Work arounds

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In my two previous posts here and here I've been writing about how the use of smartphones and other personal devices and technologies in the workplace can have negative effects on concentration, memory, task completion and social interaction. It's not all bad news. There are many advantages of bringing personal devices into the workplace, especially around new learning opportunities. Yet the use of personal devices needs to be tempered against how they can improve our performance, without becoming distractions and introducing new problems. Also, we should not forget that other technologies such as desk phones, email and social media can distract us just as much as receiving notifications or texts on our smartphones.

How can we optimise our daily productivity while living alongside our technology? Can the two be mutually supportive? Here are just a few ways I have been able to minimise distraction while I'm at work:

  • Firstly, create set times when you consult your smartphone. Try to stick to those times, and avoid access to your smartphone at other times. You may even consider switching your phone off during particularly mission-critical times of the day. 
  • Secondly, you can set similar times during the day when you read and respond to emails and other messages from colleagues, friends and even clients. Training your mind to focus on specific tasks while ignoring stimuli such as email is more successful if you turn off audio so that notifications cannot be heard.
  • Thirdly, if you work from home, create a specific space in which you can focus on your work. Remove any clutter, and as many distractions as possible from this space. It is your work space. A television that is 'on in the background' can become a major distraction if it is within your hearing/vision range.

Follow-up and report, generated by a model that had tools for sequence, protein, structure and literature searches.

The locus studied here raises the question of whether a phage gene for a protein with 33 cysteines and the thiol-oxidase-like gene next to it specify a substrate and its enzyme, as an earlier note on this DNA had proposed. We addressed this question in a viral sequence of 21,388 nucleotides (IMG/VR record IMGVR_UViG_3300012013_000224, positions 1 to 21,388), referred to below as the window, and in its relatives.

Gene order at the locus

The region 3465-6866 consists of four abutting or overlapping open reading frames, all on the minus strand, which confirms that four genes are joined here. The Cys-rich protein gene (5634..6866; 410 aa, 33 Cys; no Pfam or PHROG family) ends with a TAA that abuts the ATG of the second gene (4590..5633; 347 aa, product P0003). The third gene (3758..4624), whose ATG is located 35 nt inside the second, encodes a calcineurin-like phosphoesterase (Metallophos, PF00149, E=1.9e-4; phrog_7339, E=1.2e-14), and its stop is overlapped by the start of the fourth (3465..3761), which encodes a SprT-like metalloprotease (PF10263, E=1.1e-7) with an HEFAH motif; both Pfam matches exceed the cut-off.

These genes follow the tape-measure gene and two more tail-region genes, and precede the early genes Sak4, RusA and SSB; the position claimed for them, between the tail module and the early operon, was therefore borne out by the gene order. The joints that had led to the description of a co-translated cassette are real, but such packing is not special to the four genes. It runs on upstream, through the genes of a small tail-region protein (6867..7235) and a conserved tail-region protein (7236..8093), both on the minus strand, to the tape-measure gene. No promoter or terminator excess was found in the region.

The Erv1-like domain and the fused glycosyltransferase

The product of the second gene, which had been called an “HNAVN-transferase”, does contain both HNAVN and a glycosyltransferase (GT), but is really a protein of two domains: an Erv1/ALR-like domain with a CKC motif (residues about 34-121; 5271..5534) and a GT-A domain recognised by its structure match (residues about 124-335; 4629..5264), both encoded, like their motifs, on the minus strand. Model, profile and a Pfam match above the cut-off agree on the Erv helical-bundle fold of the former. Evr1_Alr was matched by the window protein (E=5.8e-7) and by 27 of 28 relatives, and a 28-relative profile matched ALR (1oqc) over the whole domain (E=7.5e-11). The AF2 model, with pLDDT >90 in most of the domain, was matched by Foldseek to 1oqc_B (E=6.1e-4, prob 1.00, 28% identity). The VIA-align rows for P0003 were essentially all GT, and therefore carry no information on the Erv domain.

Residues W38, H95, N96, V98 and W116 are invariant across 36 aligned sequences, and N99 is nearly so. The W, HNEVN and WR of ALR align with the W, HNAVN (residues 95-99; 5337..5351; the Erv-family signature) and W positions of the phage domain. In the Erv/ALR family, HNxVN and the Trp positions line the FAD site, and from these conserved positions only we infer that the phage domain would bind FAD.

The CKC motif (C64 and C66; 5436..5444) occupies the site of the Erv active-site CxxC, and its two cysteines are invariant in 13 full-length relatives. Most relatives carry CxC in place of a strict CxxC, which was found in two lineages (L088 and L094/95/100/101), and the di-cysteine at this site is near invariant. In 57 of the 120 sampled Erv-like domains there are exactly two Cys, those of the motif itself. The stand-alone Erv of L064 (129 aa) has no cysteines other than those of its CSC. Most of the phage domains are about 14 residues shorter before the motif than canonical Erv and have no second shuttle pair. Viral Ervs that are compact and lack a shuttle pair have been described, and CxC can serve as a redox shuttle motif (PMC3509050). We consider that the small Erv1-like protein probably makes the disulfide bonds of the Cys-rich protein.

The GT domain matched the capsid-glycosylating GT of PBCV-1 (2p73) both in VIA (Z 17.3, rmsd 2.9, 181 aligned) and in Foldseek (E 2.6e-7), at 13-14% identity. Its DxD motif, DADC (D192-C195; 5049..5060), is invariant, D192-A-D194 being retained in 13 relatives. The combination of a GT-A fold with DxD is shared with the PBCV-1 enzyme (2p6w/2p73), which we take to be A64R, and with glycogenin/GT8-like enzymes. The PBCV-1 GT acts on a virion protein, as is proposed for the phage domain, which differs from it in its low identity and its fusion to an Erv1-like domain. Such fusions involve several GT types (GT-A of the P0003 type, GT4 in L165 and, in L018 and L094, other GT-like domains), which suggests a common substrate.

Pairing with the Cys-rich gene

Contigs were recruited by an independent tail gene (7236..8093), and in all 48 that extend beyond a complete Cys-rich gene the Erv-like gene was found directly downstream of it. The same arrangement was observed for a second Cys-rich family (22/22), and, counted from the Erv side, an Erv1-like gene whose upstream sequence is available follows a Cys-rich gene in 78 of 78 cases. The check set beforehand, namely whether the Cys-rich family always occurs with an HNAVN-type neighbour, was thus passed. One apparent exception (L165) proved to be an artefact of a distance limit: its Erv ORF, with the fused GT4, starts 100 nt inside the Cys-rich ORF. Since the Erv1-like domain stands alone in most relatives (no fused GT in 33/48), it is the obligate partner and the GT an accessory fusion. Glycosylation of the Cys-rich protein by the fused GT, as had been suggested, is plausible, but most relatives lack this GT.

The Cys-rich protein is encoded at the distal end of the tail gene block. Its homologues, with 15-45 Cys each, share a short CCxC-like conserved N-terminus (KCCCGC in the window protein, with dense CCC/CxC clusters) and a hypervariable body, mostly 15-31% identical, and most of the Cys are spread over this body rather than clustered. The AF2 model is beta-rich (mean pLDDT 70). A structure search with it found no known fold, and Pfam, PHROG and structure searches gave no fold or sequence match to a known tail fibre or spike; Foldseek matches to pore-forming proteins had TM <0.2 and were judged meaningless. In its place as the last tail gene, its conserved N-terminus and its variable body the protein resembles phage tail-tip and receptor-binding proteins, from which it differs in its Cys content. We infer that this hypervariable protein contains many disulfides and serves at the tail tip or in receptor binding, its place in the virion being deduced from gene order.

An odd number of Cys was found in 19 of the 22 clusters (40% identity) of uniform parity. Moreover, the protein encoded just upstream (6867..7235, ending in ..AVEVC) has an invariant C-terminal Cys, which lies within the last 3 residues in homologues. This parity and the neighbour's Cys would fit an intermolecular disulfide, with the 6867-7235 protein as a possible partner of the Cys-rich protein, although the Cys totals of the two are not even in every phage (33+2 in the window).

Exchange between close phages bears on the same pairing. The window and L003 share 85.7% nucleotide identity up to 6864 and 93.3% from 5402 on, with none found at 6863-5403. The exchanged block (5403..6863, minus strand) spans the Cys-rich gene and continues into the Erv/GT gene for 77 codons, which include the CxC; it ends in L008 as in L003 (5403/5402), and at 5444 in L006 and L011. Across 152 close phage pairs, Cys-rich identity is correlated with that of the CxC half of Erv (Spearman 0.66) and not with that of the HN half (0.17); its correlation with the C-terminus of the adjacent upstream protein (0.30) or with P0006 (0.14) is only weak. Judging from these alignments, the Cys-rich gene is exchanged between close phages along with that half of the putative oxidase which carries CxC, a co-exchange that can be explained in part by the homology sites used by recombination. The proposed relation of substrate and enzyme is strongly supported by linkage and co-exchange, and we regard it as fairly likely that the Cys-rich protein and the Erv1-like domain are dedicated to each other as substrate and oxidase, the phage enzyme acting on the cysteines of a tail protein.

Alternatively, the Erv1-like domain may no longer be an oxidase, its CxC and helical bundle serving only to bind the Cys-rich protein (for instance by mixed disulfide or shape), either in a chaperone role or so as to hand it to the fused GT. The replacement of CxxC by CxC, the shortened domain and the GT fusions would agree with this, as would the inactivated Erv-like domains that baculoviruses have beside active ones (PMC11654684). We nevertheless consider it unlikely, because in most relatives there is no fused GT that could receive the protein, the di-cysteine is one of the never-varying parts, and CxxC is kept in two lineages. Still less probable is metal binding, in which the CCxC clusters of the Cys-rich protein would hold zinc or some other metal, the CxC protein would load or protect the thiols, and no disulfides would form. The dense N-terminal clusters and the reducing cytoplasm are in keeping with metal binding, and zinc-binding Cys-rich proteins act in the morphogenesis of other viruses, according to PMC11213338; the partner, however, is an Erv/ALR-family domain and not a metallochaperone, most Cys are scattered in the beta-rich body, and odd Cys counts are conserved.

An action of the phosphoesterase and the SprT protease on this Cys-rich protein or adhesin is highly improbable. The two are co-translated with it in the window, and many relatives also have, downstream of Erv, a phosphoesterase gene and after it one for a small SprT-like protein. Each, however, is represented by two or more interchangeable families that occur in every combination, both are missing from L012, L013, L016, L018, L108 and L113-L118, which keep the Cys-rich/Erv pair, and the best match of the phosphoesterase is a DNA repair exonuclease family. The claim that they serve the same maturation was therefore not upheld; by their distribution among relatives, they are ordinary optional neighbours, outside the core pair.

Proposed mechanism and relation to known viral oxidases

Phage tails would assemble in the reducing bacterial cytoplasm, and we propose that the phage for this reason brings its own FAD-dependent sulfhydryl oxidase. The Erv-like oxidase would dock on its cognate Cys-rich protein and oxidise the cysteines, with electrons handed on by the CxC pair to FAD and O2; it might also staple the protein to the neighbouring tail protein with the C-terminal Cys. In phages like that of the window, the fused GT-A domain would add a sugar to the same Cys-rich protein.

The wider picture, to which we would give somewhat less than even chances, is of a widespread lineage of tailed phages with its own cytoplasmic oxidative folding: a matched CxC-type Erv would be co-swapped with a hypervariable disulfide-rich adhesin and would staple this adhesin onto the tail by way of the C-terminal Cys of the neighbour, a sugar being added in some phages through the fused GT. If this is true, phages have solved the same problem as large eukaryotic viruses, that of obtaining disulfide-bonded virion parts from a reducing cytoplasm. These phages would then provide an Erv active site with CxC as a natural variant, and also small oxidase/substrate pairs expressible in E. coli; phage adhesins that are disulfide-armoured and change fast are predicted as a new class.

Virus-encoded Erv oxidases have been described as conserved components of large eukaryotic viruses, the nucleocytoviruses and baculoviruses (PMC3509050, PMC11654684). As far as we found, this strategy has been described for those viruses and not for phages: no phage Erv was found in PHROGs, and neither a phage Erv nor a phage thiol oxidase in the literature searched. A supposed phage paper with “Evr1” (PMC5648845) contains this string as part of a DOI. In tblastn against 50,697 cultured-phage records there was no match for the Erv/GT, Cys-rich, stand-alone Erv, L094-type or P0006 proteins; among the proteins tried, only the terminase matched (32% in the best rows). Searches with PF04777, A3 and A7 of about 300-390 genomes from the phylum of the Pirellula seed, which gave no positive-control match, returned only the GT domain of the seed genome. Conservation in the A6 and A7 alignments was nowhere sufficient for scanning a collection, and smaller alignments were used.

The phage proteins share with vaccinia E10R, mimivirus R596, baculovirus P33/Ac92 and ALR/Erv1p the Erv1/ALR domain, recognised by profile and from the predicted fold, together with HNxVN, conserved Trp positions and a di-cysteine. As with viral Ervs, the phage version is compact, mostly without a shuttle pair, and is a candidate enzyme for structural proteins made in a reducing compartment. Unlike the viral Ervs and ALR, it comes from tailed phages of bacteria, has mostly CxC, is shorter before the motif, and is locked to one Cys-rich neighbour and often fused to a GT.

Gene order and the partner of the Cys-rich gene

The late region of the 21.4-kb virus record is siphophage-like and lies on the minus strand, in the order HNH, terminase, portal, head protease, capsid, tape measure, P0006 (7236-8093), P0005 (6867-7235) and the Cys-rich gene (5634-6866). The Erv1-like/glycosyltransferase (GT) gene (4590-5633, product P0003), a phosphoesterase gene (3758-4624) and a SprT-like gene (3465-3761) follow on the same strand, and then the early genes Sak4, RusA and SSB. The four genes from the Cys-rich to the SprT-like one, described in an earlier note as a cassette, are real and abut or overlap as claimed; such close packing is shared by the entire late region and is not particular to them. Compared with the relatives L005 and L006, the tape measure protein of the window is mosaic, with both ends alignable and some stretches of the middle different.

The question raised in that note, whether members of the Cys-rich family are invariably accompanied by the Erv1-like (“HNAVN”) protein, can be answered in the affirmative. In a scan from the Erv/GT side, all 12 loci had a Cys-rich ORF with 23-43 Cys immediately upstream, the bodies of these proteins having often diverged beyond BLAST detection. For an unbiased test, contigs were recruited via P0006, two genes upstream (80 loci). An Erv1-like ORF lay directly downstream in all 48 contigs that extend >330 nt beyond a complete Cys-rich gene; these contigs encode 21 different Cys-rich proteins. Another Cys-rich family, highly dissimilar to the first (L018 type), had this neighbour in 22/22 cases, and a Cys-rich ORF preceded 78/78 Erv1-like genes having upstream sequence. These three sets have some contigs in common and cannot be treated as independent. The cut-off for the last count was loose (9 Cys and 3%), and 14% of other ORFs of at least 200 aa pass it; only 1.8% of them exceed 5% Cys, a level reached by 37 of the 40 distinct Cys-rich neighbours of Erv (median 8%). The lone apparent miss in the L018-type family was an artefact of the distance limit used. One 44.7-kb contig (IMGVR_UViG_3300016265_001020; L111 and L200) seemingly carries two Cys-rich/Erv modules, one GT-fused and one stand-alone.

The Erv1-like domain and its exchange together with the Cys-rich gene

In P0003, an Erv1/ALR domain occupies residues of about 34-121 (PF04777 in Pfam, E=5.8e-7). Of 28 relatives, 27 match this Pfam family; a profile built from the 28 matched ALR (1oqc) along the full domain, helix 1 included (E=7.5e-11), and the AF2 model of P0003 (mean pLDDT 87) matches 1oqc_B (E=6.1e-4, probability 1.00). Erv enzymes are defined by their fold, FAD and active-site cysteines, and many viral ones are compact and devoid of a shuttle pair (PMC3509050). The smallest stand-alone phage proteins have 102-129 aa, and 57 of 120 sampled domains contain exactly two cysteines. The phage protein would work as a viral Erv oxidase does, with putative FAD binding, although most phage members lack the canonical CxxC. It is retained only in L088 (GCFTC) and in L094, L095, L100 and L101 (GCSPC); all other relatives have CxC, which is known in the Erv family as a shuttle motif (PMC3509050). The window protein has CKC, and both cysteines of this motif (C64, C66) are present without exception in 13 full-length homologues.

• Fourth, set yourself specific goals to achieve, and time limits within which to achieve them. Give yourself a small reward when you meet those goals, especially if you have been able to avoid distractions to accomplish them. 
  • Finally, avoid consulting email and other work related technologies when you are 'out of the office' and in your own personal time. Don't take your smartphone to bed with you unless you really need to do so. You will gain more downtime to recharge your energy, and you will probably sleep better too. Going to work alert and refreshed enables most people to focus more keenly on their work and usually improves performance. 
  • Some bonus tips: Work to your own tempo whenever you can. Avoid having your day dictated by others if at all possible. Complete older projects fully before you start new ones. If you can establish your own work rhythm, it will pay off in the long term. 
Creative Commons License
Work arounds by Steve Wheeler was written in Plymouth, England and is licensed under a Creative Commons Attribution-NonCommercial-ShareAlike 3.0 Unported License.

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